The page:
MMMBop to the top

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Sep 292004
 
Authors: Adrienne Hoenig

Remember “MmmBop”? How could you forget?

Well, the soul-searching band of brothers from the late ’90s hasn’t stopped MmmBopping yet.

Hanson is back with a vengeance. After taking a break from the studio since 2000, the brothers Hanson have released “Underground,” a new album that features a more grown-up sound from the now 20-something brothers. The album is out on 3CG records, a label owned by the crooning brother-band itself. Keyboardist/Singer Taylor Hanson sat down to talk about his recent marriage, the upcoming tour and the absolute magic that is MmmBop.

The Collegian: Your last album was out in 2000 and you just had another one that came out?

Taylor Hanson: Yeah, so what we’re doing now, this is really the second tour. Like I said, we were (in Denver) last year pre-empting the release of the album. And now this summer we’re playing full electric shows, and it’s great. It’s been amazing to see. You know, we’ve always had really great fans, they’ve just kind of grown up and changed with us. It’s really cool to see.

C: You’ve been through a lot of changes recently. You got married? How has that and growing up affected your lifestyle on the road?

TH: It changed it a lot. It’s definitely a crazy thing to be a husband and a father. Emotionally it gives me more to pull from. Anytime something significant happens in your life, I mean whether it’s just you’re 16 and you get a new car or you get a promotion or whatever, things in your life affect the way you think, they affect what’s on your mind, and so obviously getting married and having a son, those things are huge. If I wasn’t affected by them then I’m probably not really much of an artist.

C: When you guys first started out a lot of your fans were the same age as you were then, so now that you’ve grown up and so have we, how has your music changed?

TH: It’s changed significantly and also maintained a lot of the same roots. We grew up listening to great rock ‘n’ roll and R & B, like Chuck Berry and then up to The Who and then Hendrix. So that’s always been kind of a backbone for the music, but I think we’ve just grown exponentially as far as the songs you write and the lyrical content really achieving all the things that you really want to in your head. Also sound-wise, production-wise, we produced this record almost completely on our own. Now we really want to touch a much more sort of organic, acoustic (sound).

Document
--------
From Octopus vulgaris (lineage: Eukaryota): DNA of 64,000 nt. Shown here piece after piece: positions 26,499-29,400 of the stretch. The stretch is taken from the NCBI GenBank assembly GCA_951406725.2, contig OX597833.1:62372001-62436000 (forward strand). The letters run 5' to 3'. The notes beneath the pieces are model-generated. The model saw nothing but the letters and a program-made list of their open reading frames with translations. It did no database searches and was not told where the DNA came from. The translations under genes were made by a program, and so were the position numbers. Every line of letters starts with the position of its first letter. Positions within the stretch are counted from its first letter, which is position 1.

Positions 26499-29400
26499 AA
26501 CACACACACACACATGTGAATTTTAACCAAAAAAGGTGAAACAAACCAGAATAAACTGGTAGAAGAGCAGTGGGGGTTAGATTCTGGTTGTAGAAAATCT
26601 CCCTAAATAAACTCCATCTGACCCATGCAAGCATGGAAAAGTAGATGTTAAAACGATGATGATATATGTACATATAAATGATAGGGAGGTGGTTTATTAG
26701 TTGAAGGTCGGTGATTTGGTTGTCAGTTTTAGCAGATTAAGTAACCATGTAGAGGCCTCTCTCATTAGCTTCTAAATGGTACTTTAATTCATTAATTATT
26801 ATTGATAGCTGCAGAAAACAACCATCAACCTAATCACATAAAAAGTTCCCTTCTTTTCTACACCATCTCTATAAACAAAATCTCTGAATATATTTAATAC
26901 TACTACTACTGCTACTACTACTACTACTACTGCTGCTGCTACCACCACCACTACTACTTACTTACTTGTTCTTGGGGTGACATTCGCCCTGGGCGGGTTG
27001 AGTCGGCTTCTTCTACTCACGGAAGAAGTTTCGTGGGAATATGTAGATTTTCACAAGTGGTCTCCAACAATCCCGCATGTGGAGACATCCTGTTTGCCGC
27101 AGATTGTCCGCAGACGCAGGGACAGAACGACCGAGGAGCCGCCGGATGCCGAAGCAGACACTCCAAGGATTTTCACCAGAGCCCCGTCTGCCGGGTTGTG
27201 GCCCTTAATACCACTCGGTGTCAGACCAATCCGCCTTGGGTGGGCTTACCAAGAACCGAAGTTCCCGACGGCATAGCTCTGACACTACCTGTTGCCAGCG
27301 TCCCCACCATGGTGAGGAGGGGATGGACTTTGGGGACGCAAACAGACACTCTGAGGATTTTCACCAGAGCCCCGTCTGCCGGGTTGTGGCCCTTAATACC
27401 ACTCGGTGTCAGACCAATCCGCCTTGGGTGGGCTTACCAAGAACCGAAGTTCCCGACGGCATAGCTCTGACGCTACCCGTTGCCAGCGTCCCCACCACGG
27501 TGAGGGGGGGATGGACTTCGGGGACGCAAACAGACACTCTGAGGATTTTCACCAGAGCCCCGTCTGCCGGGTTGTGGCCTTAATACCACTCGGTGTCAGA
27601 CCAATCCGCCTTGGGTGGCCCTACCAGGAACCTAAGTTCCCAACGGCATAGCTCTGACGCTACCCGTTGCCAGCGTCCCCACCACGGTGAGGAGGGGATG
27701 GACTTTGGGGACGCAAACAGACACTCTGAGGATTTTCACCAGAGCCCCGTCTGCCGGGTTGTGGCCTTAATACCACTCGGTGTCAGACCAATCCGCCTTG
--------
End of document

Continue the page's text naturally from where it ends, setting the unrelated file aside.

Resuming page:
C: Have you ever considered pursuing a solo career?

TH: Well I mean all three of us, we’re three guys that write, play, sing and kind of do it all. I think there’s always a chance that we’ll decide to go do things independently. I would think that that’s inevitable eventually just because the creative juice, collaborating with other people, doing things, flying to the other corners of the world to sing with African tribes, just doing things that are just expressive. So I think there’s definitely always things like that in the future.

C: Who would you like to do a tour with if you could pick anyone who is still touring right now?

TH: I admire U2 enormously. They’re just unbelievable, not just musically but the fact that they’ve really stayed relevant in an amazing way.

C: So we saw you guys at Red Rocks a few years ago. What’s the coolest venue you’ve ever played at?

TH: That’s definitely at the top of the list. It’s pretty amazing. It’s very cool to play that venue. Let me see, other great venues, Carnegie Hall. We played Carnegie Hall in New York at the end of the acoustic tour and that was just spectacular, amazing. It’s such a phenomenal room and it’s such an honor to get to play Carnegie Hall.

C: Do you guys ever get sick of hearing and talking about “MmmBop,” or playing “MmmBop?”

TH: I just get tired of playing it. I mean in the sense that, obviously you’ll get tired of some things, I mean no matter what, but I’m always proud of what we’ve done. “MmmBop” has reached a lot of people so it’s no surprise that there’s a lot of people that want to ask about it.

Lightning Round

C: Beatles or the Rolling Stones?

TH: I’d have to go with the Beatles.

C: Ditka or a hurricane?

TH: A what or a hurricane?

C: Ditka.

TH: Definitely Ditka.

C: David Bowie or Ziggy Stardust?

TH: Probably Ziggy Stardust.

C: Which came first – the chicken or the egg?

TH: That’s a philosophical question that can never be answered.

C: Isaac or Zac?

TH: That’s too much like the chicken or the egg question.

C: Boxers or briefs?

TH: Boxers don’t give enough support.

C: Snow or sand?

TH: God, right now I would go for sand.

C: On the road or in the studio?

TH: On the road.

C: Anything else you want to add?

T: It’s really important right now that people need to get out there and start calling their local radio stations and start talking about the music they want to hear. Forget about Hanson. If you like Hanson, that’s great but talk about how radio station play lists are getting smaller and smaller and smaller. Get out there and start talking about the music that you want to hear and start making noise because crazy stuff is happening with the consolidation of radio. It’s playing less and less great music and there’s a lot of great music that needs to be heard. Kids your age, kids my age, people need to get out there and make noise because they’re the ones, we’re the ones, that people really want. People want young adults that are out there about to go make their mark. You guys need to get out there and make a difference.

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